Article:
Trigger Point Injection Technique

Updated: Apr 03, 2017
  • Author: Stephen Kishner, MD, MHA; Chief Editor: Erik D Schraga, MD  more...
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Technique

Needling and Injection of Trigger Point

Location of trigger point

Palpation of muscles for trigger points may exhibit a palpable taut band or cord of tense muscle fibers approximately 1-4 mm in diameter. The examiner should palpate along this band to locate the point of maximum tenderness, which is the area identified as the trigger point. Pressure is held firmly to elicit the referred pain pattern.

Palpation of an active trigger point often elicits a “jump sign” or local twitch response. A jump sign is a jump or involuntary reflex–like movement of the patient that is disproportionate to the amount of pressure exerted, is reproducible, and may correspond to the degree of irritability of the trigger point. [5]

Localized twitch response refers to a localized twitch of part of the muscle when the trigger point is rolled under the fingers or a needle is inserted into the trigger area. This twitch may be intense enough to cause a notable jerk or contraction of the muscle fibers in the taut band, lasting up to 1 second. [5]

Injection

Once a trigger point has been located and the overlying skin has been cleansed with alcohol, the clinician should isolate the trigger point with a pinch between the thumb and index finger or between the index and middle finger with stabilizing pressure to prevent the trigger point from rolling away from the advancing needle.

The needle is inserted 1-2 cm away from the trigger point and then advanced into the trigger point at an acute angle of 30º to the skin. (See the image below.) Before advancing the needle into the trigger point, the physician should warn the patient of the possibility of sharp pain or muscle twitching as the needle contacts the trigger point. Aspirate before injection to avoid intravascular injection.

Trigger point injection. Trigger point injection.

Once the needle is inside the trigger point, a small amount (0.2 mL) of anesthetic is injected. The needle is withdrawn to the level of the subcutaneous tissue, then redirected superiorly, inferiorly, laterally, and medially. The needling and injection process is repeated in each direction without withdrawal of the needle until the local twitch response is extinguished or until the muscle relaxes. [5]  Pressure should be applied over injection sites.

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Postprocedural Care

Stretching

Stretching after trigger point injection is an integral part of treatment. The physician should stretch involved muscles to try to obtain full length.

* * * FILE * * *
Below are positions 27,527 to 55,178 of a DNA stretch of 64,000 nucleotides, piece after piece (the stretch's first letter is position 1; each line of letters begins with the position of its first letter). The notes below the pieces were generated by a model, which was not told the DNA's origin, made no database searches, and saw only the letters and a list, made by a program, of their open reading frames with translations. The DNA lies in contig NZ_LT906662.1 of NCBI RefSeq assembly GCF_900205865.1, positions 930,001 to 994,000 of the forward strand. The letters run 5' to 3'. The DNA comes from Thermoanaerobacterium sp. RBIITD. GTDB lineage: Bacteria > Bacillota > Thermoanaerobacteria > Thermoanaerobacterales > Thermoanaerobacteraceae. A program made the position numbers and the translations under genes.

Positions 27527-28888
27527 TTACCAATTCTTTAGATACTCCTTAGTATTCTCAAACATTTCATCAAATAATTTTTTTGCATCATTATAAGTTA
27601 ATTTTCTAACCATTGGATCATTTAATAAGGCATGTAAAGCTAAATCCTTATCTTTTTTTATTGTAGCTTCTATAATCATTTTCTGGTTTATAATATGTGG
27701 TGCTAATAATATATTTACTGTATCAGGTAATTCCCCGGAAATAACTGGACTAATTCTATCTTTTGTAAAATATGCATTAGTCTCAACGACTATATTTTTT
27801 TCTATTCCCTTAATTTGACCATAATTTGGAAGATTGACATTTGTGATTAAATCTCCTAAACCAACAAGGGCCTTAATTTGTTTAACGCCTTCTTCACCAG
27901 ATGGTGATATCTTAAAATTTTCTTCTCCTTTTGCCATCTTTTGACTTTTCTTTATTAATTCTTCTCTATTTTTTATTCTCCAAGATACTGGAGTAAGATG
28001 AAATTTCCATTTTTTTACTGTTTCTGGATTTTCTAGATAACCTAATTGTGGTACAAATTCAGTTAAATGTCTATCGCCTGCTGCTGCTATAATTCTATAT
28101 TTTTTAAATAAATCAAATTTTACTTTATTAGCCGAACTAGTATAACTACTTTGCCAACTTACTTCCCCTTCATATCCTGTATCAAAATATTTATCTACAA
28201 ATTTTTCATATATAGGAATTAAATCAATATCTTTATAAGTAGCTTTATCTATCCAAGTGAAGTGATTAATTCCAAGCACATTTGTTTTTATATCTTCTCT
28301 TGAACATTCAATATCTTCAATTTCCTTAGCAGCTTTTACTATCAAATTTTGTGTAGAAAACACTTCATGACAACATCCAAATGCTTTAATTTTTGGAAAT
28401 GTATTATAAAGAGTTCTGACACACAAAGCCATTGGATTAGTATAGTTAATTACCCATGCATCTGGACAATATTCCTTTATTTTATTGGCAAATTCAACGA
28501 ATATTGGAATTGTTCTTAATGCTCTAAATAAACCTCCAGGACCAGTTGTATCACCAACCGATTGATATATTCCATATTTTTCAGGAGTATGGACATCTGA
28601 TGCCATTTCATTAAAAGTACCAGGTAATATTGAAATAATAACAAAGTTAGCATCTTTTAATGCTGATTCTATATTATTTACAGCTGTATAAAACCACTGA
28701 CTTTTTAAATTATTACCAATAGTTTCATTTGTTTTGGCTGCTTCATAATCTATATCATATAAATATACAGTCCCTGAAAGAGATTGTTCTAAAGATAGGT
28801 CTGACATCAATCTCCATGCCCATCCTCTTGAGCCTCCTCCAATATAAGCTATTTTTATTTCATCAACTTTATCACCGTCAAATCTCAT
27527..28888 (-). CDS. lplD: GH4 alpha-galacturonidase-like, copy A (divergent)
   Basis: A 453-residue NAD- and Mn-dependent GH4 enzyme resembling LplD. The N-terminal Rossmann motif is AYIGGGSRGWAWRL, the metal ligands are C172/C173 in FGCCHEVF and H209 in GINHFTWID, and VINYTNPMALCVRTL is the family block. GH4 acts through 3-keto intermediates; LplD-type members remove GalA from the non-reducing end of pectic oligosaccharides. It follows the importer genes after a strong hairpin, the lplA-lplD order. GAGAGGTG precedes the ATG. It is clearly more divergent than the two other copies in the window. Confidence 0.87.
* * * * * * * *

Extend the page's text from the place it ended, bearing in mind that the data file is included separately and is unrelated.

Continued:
Before stretching, it may be helpful to apply a few sweeps of vapocoolant spray in a parallel direction over the muscle and its referred pain pattern to relax remaining tense fibers. [2]  This should be followed by the application of a hot pack over all injected trigger points.

After heat has been applied topically for several minutes, the patient should perform full active range of motion of the muscle several times to relieve residual stiffness, evaluate the effectiveness of the procedure, and reestablish awareness of normal muscle function.

Strenuous activities should be avoided for at least the period of postinjection muscle soreness. However, the patient is encouraged to use the muscle with full range of motion rather than hold it in a fixed, shortened position. [2]

Exercise

Active exercise is a critical part of the treatment program and will determine whether trigger point injection treatment is effective. Exercises can be designed to target stretching, strengthening, or conditioning of muscles.

Exercise designed for stretching the involved muscles is the key to the relief of myofascial pain. Improved conditioning and increased strength reduces the likelihood of developing trigger points. As the trigger points are inactivated and any rest pain resolves, a carefully graded exercise program begins to increase endurance.

Once tolerance of stretch is achieved, the patient may progress to strengthening exercises. These may be either isotonic or isometric, though isotonic exercises are usually better tolerated. Strengthening exercises should be prescribed with a certain number of repetitions. They should be executed smoothly and slowly, with pauses between each repetition.

When tolerated, conditioning exercises should be added and done at least twice weekly. These exercises include swimming, bicycling, tennis, jogging, and jumping rope. [5]

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Complications

Complications may include the following [2] :

  • Vasovagal syncope
  • Skin infection
  • Pneumothorax
  • Needle breakage
  • Hematoma formation

Infection can usually be avoided by employing sterile technique. Avoid pneumothorax complications by never aiming a needle at an intercostal space. Needle breakage is avoided by never inserting the needle all the way to its hub. Hematoma formation can be avoided by applying direct pressure for at least 2 minutes after injection.

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